In vitro studies of the proliferation of myeloid progenitor cells are often used to develop an understanding of the nature of myeloid diseases in patients. A direct comparison of the proliferative ability of MDS progenitors and their in vivo proliferative capacity, as indicated by marrow cellularity, demonstrated a significant discordance. This is especially true for erythroid progenitors since the in vitro proliferation of these cells is severely compromised despite the presence of erythroid hyperplasia in vivo. Studies of the effects of various changes in the in vitro culture conditions have demonstrated that the proliferation marrow progenitors can indeed be improved strongly suggesting that the apparent reduction in MDS progenitor cells in MDS is not real but is a consequence of the use of in vitro conditions which support the proliferation of normal progenitor cells while being suboptimal for MDS progenitors.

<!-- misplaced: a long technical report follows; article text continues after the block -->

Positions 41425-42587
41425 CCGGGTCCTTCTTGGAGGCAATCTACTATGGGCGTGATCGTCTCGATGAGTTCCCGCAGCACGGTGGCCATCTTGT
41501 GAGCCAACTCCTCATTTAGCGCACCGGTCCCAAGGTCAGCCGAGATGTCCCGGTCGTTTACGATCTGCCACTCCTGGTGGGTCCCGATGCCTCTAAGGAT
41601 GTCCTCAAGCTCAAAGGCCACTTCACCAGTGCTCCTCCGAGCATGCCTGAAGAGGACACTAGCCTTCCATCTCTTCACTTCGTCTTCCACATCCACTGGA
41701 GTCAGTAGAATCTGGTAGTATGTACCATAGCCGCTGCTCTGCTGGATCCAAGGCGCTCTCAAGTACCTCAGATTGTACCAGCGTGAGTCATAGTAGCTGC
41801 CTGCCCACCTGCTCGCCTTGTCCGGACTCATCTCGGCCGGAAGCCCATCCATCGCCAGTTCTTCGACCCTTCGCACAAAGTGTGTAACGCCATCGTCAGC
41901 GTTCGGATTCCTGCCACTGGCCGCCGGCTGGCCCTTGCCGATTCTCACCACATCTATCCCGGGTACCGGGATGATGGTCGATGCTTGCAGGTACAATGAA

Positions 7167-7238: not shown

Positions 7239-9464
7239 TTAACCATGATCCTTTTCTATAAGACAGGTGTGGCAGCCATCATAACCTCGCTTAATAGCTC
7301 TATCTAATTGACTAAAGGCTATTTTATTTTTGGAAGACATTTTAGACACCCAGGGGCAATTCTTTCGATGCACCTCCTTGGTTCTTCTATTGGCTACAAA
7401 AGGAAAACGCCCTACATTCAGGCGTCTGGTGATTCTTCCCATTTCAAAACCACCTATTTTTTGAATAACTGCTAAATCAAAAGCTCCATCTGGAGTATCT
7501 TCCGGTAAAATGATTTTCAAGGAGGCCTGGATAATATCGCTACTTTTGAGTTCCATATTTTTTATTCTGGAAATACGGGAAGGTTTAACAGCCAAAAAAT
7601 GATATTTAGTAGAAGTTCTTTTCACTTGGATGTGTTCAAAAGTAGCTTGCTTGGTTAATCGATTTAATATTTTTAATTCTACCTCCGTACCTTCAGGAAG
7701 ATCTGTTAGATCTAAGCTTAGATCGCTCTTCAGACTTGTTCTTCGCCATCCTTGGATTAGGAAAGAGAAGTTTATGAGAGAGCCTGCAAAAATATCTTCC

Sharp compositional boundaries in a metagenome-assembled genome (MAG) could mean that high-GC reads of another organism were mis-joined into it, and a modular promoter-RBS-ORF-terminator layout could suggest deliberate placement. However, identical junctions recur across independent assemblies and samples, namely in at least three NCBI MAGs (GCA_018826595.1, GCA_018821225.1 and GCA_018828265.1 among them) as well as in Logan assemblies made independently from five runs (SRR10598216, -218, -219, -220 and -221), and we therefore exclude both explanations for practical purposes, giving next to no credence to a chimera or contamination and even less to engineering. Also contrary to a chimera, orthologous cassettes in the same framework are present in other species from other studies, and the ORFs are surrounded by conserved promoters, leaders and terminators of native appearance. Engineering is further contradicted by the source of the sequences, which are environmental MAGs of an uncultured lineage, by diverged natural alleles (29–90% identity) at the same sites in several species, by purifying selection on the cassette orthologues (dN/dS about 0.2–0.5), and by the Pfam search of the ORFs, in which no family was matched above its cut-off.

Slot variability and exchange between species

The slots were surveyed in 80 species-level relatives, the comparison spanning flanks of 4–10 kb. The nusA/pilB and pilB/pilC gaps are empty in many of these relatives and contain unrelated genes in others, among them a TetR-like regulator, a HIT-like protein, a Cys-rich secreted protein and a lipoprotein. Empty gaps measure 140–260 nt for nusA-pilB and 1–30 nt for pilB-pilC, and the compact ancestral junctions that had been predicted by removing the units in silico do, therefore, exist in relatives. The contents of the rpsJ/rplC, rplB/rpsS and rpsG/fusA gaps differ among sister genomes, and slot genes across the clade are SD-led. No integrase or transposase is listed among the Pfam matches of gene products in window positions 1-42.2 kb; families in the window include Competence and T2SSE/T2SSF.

|Number of pages||15|
|Journal||Cancer Research Therapy and Control|
|State||Published - 17 Mar 1999|
- In vitro